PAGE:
Proteas are often admired in floral arrangements and are bought for their ability to last several weeks in a vase.
Because they are related horticulturally to a large group of Australian native plants, including banksias, grevilleas and waratahs, they require similar growing conditions. They have a low tolerance for artificial fertilisers. Applications of superphosphate will kill proteas.
However, they require magnesium, and this can be applied as Epsom salts, scattered over the root areas and then watered in well. Spring is an ideal time in which to do this.
Proteas produce a range of flower styles and colours, on plants that vary from quite small through to large shrubs. Flower colours are predominately shades of pink, although whites, creams and yellows are also available. Flowers are produced from May through to mid-September.
An application of mulch will benefit a protea plant, although mushroom compost should be avoided as it contains fertilisers high in phosphorous. It is important to keep the mulch away from the stem as proteas are susceptible to infections such as collar rot, if the lower stems are buried in moist mulch. Mulching will help to avoid the production of weeds below the plant, as proteas resent having their roots disturbed.
Pruning a protea enables the gardener to shape the plant, and this can initially be done through the cutting of flowers for indoor use. Tip pruning in spring and summer will help establish a good shape in a young plant.
More mature specimens should be pruned immediately after flowering, leaving about 10cm of healthy stem. This will encourage the plant to produce shoots from above the cut and these will produce flowers in the following season.
Leucadendrons and leucospermums should also be pruned in the same manner. A selection of proteas might include: "Pink Ice", King protea and Pink mink, all growing to 2 metres, Peach protea and Queen protea, growing about 1.5 metres and Honey protea, which grows to 2.4 metres in height.
Peach leaf curl is a major fungal problem, mainly affecting peach trees, although nectarine and almond trees can also be affected.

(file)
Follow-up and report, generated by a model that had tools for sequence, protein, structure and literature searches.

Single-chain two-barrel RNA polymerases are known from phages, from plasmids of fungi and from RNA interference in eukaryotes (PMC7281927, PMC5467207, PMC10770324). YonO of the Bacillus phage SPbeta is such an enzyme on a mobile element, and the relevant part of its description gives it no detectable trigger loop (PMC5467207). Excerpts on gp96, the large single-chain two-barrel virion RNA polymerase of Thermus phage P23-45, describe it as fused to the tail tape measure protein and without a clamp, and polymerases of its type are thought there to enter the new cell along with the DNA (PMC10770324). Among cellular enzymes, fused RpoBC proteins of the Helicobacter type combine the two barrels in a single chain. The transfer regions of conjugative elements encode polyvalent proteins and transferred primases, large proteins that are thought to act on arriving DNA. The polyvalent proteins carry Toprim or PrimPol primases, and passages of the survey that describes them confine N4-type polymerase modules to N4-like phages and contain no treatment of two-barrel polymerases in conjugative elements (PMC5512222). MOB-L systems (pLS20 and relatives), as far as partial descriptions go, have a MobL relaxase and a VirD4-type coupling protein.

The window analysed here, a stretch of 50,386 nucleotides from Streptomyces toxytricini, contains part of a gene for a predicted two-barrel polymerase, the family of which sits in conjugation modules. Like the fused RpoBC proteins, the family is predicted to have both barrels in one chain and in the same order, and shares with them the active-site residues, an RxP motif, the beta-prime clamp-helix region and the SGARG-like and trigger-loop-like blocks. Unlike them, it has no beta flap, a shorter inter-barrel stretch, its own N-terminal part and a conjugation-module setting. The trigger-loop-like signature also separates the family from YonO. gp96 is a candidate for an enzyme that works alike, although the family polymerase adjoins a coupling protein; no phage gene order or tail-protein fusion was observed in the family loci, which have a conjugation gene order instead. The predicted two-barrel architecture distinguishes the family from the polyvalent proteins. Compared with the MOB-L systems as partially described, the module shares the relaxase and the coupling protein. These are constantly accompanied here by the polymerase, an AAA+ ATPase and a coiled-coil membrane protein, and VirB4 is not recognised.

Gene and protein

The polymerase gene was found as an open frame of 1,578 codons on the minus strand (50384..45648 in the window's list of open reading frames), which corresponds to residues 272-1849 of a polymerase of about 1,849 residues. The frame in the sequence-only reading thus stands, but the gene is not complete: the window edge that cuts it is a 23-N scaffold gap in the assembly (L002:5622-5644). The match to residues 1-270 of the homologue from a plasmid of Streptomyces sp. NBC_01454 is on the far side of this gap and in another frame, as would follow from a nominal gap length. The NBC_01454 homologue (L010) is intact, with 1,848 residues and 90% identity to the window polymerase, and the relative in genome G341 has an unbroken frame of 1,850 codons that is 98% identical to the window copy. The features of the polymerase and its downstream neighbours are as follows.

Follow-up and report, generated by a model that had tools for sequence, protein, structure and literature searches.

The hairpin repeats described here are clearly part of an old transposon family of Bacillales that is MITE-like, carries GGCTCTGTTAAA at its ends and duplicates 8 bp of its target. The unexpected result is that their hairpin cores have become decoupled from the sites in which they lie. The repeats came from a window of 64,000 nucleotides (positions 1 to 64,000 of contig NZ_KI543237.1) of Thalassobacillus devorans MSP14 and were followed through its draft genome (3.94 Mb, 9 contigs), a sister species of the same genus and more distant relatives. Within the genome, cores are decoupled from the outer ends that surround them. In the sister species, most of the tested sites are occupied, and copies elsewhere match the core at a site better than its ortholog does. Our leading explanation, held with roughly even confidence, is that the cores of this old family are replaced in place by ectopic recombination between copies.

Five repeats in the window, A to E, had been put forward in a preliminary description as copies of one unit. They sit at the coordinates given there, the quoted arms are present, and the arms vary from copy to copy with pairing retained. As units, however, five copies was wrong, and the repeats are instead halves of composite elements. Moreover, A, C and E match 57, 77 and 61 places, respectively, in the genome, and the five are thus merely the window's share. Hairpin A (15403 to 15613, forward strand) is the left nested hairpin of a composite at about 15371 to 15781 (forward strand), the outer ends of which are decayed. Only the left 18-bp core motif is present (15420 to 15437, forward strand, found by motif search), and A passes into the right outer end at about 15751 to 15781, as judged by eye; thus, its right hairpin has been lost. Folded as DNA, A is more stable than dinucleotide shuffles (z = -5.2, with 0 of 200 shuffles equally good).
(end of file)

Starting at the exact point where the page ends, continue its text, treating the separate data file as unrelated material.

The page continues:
This plant disease becomes evident during the warmer months through thickened, swollen and distorted leaves that have pinkish or green blisters on their surfaces.
In addition to the unsightly look of the leaves that the disease causes, it may lead to the tree becoming defoliated, with a subsequent reduction in productivity levels. Fruits may become shrivelled and then harden, taking on a mummified appearance. These should be removed from the tree and disposed of in the garbage.
Once the symptoms appear, it is too late to take control measures. These must be taken soon, before the new leaves first appear. As the buds begin to swell and the new season's growth is imminent, the trees should be sprayed with lime sulphur or Bordeaux, a commercially available product.
One of the main reasons for spraying at this time is that the fungal spores of the disease winter over in crevices of tree bark and around the buds.
Therefore, it is necessary to wait until these areas are free of leaves so that the spray will penetrate these areas.
Snow Peas are easy to grow. It is preferable that the seeds be sown direct into the garden bed, at a depth approximately three times the diameter of the seed. If the selected space is not quite ready, then the young plants can be firstly grown in pots and then transplanted into beds when appropriate.
Snow Peas are best planted when the soil temperatures are lower. They will not grow well in hotter weather. Lime or dolomite worked well into the soil at planting time will help to ensure good growth.
A tall trellis should be supplied for the young plants as they will grow up to two metres tall. Plants can even be included in general garden beds if space is limited. Watering at the base of the plants, rather than over the leaves, will help prevent the development of fungal diseases. A good air flow around the plants will also assist in this control.
Snow Peas are similar to garden peas but have a softer pod. This enables the whole pod to be used in food preparation, whether it is as a cooked vegetable or used in salads. Pods should be picked when they are young, before they become tough.
Regular harvesting of the pods is essential if a prolonged production time is to be obtained.
A delight of the winter garden is observing the different birds that frequent it in search of food sources.
Honeyeaters will be attracted to a variety of plants, including native grevilleas and banksias, as well as camellias, abelias and other exotic plants with flowers rich in nectar.
As many plants are devoid of leaves, the birds are also able to find grubs and insects that frequent the plants.
Spider webs will provide a good source for nest building, in preparation for the laying of eggs.
Blue wrens, silver eyes, golden whistlers and Eastern spinebills are all in evidence now.
Birds still require a source of water, for drinking and bathing, so a dish of water, suspended at an appropriate height that will provide protection from cats. Parrots and other larger birds will also be seeking food sources, including berries.